Fabens Racetrack Disaster as Car Rams Into Spectators in Texas

At least eight people were injured at a Texas mud racing event in Fabens, located about 40 miles southeast of El Paso in El Paso County.

The El Paso County Sheriff's Office said a vehicle crashed into spectators after it left a mud track and broke through a guard rail around 6:35 p.m. local time Sunday.

It is unknown what caused the vehicle to leave the track. Police are investigating the incident.

El Paso's ABC-7 (KVIA) reported El Paso County Sheriff's Office said in a statement: "The preliminary investigation revealed one of the vehicles due to unknown reasons left the mud-track striking and breaking through a guard rail. Three other vehicles were also struck as a result of the initial crash."

Speaking at a news conference, Scott Smith, the owner of Rock Solid Protection, an El Paso-based security firm, said the vehicle "hit the guard rail [situated] in between the fans and the racetrack. It went through the rail and impacted cars that were behind it."

The Associated Press reported Monday that three spectators were taken to hospital in critical condition, while five others suffered non-life threatening injuries. None of the injured have been identified by police.

On Sunday evening, citing a briefing from Chief Tom Whitten of the sheriff's office, El Paso County Judge Ricardo Samaniego told ABC-7 that a total of 29 people were injured, including three who suffered very critical injuries.

ABC-7 reported the sheriff's office stated eight of the injured victims were hospitalized.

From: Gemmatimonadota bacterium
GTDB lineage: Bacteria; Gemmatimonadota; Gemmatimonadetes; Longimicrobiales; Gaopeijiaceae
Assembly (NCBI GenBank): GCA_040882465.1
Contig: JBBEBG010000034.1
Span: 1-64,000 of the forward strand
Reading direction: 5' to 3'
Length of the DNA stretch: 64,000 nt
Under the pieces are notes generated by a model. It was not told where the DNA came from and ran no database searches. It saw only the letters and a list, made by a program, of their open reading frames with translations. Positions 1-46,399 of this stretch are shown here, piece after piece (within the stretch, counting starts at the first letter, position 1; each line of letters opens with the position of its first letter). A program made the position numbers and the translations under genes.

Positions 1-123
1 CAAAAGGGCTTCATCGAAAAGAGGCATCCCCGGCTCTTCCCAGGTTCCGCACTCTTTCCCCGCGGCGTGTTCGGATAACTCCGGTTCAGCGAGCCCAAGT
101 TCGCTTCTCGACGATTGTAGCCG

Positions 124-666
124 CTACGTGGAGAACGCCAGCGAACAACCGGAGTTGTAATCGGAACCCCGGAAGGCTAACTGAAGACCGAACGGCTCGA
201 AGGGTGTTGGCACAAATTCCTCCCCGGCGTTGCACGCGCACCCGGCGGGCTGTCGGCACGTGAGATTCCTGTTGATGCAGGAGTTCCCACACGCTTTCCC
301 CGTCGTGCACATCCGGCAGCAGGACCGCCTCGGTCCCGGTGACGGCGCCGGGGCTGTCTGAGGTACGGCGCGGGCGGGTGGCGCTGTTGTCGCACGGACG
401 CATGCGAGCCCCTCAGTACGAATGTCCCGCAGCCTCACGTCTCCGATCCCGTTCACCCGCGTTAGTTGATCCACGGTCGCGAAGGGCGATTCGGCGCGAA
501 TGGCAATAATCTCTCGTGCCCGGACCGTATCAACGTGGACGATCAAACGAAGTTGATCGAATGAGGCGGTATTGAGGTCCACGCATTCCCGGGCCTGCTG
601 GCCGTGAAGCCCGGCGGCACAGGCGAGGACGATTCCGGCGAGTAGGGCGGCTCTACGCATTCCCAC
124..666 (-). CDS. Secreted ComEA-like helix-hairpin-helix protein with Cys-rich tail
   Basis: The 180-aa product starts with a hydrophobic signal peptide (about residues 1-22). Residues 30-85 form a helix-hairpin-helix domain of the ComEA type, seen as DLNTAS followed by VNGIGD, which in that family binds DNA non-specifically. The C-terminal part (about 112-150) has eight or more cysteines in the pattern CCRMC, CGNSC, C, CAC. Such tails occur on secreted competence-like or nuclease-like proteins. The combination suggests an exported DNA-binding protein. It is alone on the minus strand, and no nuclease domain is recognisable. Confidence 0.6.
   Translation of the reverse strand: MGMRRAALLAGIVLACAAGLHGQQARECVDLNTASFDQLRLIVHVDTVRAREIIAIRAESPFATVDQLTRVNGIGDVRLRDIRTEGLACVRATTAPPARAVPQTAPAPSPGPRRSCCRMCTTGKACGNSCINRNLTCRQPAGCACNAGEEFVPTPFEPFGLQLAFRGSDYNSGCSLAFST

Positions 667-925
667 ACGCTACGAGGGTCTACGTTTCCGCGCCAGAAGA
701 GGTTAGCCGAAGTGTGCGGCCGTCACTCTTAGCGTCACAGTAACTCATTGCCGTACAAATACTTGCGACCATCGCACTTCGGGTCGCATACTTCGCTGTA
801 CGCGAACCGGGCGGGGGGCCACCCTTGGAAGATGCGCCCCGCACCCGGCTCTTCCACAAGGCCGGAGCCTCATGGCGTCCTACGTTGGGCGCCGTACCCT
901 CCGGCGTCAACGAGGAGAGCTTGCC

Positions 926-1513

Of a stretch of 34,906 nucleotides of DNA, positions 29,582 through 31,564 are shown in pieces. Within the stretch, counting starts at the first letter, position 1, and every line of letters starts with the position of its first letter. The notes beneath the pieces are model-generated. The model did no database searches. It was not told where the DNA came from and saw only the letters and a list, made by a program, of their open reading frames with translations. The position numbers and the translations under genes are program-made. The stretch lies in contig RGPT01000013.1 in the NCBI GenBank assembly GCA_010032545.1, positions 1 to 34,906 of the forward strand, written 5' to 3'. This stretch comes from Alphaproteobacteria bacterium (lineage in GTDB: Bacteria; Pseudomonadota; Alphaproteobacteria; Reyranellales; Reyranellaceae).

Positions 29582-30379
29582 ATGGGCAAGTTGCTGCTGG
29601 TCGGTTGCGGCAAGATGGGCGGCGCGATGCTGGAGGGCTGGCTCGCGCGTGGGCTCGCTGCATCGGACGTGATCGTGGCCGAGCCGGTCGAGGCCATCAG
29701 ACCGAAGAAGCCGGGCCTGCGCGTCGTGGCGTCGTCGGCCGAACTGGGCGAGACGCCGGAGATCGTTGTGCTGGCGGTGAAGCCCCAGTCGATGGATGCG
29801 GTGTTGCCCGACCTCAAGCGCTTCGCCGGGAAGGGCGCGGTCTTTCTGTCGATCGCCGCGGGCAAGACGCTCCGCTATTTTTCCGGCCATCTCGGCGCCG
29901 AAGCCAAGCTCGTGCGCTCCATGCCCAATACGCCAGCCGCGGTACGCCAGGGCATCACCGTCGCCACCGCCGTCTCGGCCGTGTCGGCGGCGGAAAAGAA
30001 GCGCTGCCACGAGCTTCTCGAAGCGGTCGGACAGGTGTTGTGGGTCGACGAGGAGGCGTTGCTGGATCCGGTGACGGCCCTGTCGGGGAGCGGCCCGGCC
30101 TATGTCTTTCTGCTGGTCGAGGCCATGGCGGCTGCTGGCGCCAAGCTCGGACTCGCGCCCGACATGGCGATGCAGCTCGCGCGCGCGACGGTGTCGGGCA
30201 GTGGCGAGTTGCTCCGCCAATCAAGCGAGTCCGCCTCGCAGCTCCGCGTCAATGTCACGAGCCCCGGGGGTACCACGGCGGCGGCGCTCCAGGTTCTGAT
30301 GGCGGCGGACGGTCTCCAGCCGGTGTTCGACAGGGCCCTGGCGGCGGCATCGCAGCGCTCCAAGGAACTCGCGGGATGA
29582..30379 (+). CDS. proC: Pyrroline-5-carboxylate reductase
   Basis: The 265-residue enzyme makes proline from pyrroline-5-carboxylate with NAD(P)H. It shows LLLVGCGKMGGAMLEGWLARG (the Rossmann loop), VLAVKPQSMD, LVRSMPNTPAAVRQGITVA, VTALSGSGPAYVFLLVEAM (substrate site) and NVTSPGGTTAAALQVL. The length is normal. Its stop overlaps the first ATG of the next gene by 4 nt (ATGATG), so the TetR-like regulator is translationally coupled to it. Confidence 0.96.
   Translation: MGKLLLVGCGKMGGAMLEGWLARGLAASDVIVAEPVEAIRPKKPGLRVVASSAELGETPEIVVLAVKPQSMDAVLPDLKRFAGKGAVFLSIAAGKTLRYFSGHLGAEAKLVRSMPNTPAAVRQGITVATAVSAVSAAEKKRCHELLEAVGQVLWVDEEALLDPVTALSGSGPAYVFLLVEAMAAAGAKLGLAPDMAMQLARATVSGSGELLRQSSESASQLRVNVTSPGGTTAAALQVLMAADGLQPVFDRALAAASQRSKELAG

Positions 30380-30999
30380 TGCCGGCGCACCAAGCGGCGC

Newsweek has contacted the El Paso County Sheriff's Office for comment, including clarification on the number of people injured in the latest crash.

The injured spectators were taken to El Paso's Del Sol Medical Center, where family members and friends of the victims were awaiting updates on their loved ones, ABC-17 reported Sunday evening.

Video footage shared with ABC-7 captured the chaotic scenes of people running around the area moments after the crash.

Speaking to Newsweek, Rock Solid Protection's Smith said: "The wreck was an accident while racing. The mud race that was taking place is very common in our area of the world. The official cause of the wreck is unknown and still under investigation.

"The car got away from him [the driver] in the track about 3/4 the way to the finish line. Then the car exited the track right before the finish and went straight for the spectators," he said

Smith explained: "Our protocols of parking vehicles near the barrier of the track for extra protection saved many more lives as the car was stopped only 50 feet from the finish line and normally takes 400-800 feet to stop these vehicles. If this vehicle would of continued we would of had injuries in the hundreds.

Smith told Newsweek: "[For] these style races, the track is only 200 feet long. So you can imagine how fast they are going, very quick, I would imagine the race car hit the barrier at an excess of 100 miles per hour."

AP reported Karla Huerta, who was watching the race at the time of the incident, recalled the scene was "pretty ugly."

Huerta told ABC-7: "When they started, one of the trucks lost control and slammed into a pile of cars and people."

According to Smith, the driver of the race car has been driving for many years.

The Bristol Motor Speedway in Tennessee.
A view of the mud and dirt dust during the NASCAR dirt race event at Bristol Motor Speedway in Bristol, Tennessee in March. At least eight people were injured after a vehicle crashed into spectators at a mud racing event in Texas on Sunday. Chris Graythen/Getty Images